language learning in the digital age
Presenting the latest chapter of our Babbel user portraits — a snapshot of users’ lives and experiences learning a new language. If you want to share your own story, let us know in the comments section below. Today we introduce you to Cecilia from Buenos Aires, Argentina, a woman with a great passion for languages. At the age of 35, Cecilia has already learned nine languages in addition to her mother tongue of Spanish. Among the languages she has mastered is Italian, a language she feels very comfortable speaking (and also the language in which this interview was conducted). Here she explains why.
My name is Mara. I’m from Italy and, like many people that work at Babbel (and live in Berlin), I have a child with someone from another country. In this case, with a German. What can I do to make sure my child learns Italian well? What resources are available to me? Here you’ll find out what I’ve discovered.
New from the Babbel User Portraits Series – snapshots of their lives and their reasons for learning a new language. If you’d like to share your story with us, leave a comment. This time, we’re learning about Eckart and Vincenzo’s German-Italian love story.
Today we’re presenting another installment of our Babbel User Portraits – snapshots of their lives and their reasons for learning a new language. If you’d like to share your story with us, leave a comment. This time, we’re introducing you to a very special user: Gianni from Florence is a writer with an extraordinary family history who, at almost 100 years old, complains only about one thing: some Babbel lessons are too long for him!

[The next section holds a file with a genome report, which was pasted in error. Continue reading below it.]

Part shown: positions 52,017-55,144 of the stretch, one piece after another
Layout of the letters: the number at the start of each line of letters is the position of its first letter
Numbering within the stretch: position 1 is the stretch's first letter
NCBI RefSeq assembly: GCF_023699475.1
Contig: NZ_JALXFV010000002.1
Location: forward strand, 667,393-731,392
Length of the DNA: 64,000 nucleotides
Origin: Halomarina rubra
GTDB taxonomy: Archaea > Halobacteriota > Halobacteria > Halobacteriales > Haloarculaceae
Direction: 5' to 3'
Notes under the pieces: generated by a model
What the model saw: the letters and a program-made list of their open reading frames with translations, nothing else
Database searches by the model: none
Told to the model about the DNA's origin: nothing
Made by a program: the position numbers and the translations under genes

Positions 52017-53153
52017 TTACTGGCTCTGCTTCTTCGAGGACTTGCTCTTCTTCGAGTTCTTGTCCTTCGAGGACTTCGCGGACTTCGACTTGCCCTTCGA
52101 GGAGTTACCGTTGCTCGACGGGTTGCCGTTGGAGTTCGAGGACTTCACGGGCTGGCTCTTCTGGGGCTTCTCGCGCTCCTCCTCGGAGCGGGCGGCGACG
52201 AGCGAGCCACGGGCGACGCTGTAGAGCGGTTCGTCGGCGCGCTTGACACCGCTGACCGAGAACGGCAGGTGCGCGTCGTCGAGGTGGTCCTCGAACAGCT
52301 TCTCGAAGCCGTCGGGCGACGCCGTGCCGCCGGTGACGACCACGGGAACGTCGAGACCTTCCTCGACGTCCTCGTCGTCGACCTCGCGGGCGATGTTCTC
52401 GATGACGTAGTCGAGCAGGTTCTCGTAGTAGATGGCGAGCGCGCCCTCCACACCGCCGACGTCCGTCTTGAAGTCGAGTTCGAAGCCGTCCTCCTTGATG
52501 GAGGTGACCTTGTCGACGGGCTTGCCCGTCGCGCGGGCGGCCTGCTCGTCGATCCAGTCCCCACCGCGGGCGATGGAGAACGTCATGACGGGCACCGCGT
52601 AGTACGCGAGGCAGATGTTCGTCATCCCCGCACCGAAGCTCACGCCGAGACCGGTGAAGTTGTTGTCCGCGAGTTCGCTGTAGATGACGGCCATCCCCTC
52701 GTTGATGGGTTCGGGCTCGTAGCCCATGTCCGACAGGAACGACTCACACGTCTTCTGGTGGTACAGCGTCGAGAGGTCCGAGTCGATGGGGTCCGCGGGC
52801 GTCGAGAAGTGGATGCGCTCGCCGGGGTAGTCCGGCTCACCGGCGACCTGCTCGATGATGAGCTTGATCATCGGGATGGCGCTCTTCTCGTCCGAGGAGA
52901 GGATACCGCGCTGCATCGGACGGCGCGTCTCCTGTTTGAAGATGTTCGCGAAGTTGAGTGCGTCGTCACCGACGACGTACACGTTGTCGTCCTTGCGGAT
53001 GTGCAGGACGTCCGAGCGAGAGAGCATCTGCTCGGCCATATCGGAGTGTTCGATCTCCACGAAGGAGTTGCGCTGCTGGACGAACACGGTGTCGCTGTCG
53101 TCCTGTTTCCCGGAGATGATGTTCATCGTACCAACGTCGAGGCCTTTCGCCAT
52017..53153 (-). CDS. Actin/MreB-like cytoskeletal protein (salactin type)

This is the latest in our series of portraits of Babbel users – a snapshot of their lives and the reasons they are learning a new language. If you want to share your story with us, please leave a comment.
This month, we interviewed Lenel who lives Galway in Ireland, but is originally from the Philippines. Alongside his job in a fast-food restaurant, the 24-year-old is also a blogger. Using bucketlist250.com, he created a “bucket list” of things he wants to achieve during his lifetime. Over a year ago, he began a new challenge – learning Spanish, Italian and French. Lenel decided to accomplish his goal with Babbel, and wrote about the experience in his blog. In this portrait, he tells us more about the concept of a bucket list and why learning those languages is part of his life’s goals.
Little by little, women have secured professional roles that were previously unachievable. As important positions in government and society were once reserved for men, many languages never established a feminine form for certain job titles. How do languages adapt to this new reality? In the spirit of International Women’s Day, we at Babbel – the app for easy language learning – have taken a close look at the feminine form of professional job titles in several languages.
We’re doing a series of portraits of Babbel users – a snapshot of their lives, and their reasons for learning a language. If you would like to share your story with us, please leave a comment below. This month we spoke with Aldo, a 70-year old man from Italy full of energy and motivation. Canoeing in the morning, chess in the afternoon, and now a new goal: learning English. (more…)
When you’re learning a new language, tongue-twisters are a great way to practice your pronunciation. Tongue-twisters are sentences or series of words that are hard to say. They often have similar alternating sounds, like ‘s’ and ‘sh’ or ‘p’ and ‘b’. Although they are typically nonsense, the English classic “She sells sea shells on the sea shore, and the shells that she sells are sea shells, I’m sure” was actually a popular song in 1908 based on the life of Mary Anning, a famous British fossil hunter and collector.